measurement of liquid volumes
Measurement of liquid volumes
  • The same rules apply for determining precision of measurement
  • When division is not a single unit (e.g. 0.2 mL) then situation is a little more complex. Estimate to nearest .02 mL – 9.36 ± .02 mL
reading the volume in a burette
Reading the volume in a burette
  • The scale increases downwards, in contrast to graduated cylinder
  • What is large division?
    • Ans: 1 mL
  • What is small division?
    • Ans: 0.1 mL
rules of significant figures
RULES OF SIGNIFICANT FIGURES
  • Nonzero digits are always significant 38.57 (four) 283 (three)
  • Zeroes are sometimes significant and sometimes not
    • Zeroes at the beginning: never significant 0.052 (two)
    • Zeroes between: always 6.08 (three)
    • Zeroes at the end after decimal: always 39.0 (three)
    • Zeroes at the end with no decimal point may or may not: 23 400 km (three, four, five)
scientific notation eliminates uncertainty
Scientific notation eliminates uncertainty
  • 2.3400 x 104 (five S.F.)
  • 2.340 x 104 (four S.F.)
  • 2.34 x 104 (three S.F.)
  • 23 400. also indicates five S.F.
  • 23 400.0 has six S.F.
note significant figures and decimal places are not the same thing
Note: significant figures and decimal places are not the same thing
  • 38.57 has four significant figures but two decimal places
  • 283 has three significant figures but no decimal places
  • 0.0012 has two significant figures but four decimal places
  • A balance always weighs to a fixed number of decimal places. Always record all of them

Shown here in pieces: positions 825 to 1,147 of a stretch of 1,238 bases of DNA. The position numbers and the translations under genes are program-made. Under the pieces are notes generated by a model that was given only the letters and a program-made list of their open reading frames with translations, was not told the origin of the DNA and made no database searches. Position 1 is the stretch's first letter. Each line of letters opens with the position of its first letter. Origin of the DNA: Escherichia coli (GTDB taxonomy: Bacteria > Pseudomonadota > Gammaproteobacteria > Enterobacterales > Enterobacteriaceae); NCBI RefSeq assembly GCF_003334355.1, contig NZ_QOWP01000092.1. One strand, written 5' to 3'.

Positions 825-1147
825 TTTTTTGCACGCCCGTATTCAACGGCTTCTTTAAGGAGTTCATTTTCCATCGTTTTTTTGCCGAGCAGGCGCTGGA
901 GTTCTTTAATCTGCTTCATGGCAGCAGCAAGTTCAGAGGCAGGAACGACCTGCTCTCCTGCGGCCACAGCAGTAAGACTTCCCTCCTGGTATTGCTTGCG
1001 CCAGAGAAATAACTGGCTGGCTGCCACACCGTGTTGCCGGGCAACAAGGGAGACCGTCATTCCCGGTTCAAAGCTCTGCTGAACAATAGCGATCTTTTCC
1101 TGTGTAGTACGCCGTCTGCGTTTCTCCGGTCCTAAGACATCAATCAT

• As the weight increases, the number of significant figures in the measurement will increase, but the number of decimal places is constant
    • 0.0123 g has 3 S.F.; 10.0123 g has 6 S.F.
significant figure rules
Significant figure rules
  • Rule for addition/subtraction: The last digit retained in the sum or difference is determined by the position of the first doubtful digit

37.24 + 10.3 = 47.5

1002 + 0.23675 = 1002

225.618 + 0.23 = 225.85

  • Position is key
significant figure rules18
Significant figure rules
  • Rule for multiplication/division: The product contains the same number of figures as the number containing the least sig figs used to obtain it.

12.34 x 1.23 = 15.1782

= 15.2 to 3 S.F.

0.123/12.34 = 0.0099675850891

= 0.00997 to 3 S.F.

  • Number of S.F. is key
rounding up or down
Rounding up or down?
  • 5 or above goes up
    • 37.45 → 37.5 (3 S.F.)
    • 123.7089 → 123.71(5 S.F.); 124 (3 S.F.)
  • < 5 goes down
    • 37.45 → 37 (2 S.F.)
    • 123.7089 → 123.7 (4 S.F.)
scientific notation simplifies large and small numbers
Scientific notation simplifies large and small numbers
  • 1,000,000 = 1 x 106
  • 0.000 001 = 1 x 10-6
  • 234,000 = 2.34 x 105
  • 0.00234 = 2.34 x 10-3
multiplying and dividing numbers in scientific notation
Multiplying and dividing numbers in scientific notation
  • (A x 10n)x(B x 10m) = (A x B) x 10n + m
  • (A x 10n)/(B x 10m) = (A/B) x 10n - m
adding and subtracting
Adding and subtracting
  • (A x 10n) + (B x 10n) = (A + B) x 10n
  • (A x 10n) - (B x 10n) = (A - B) x 10n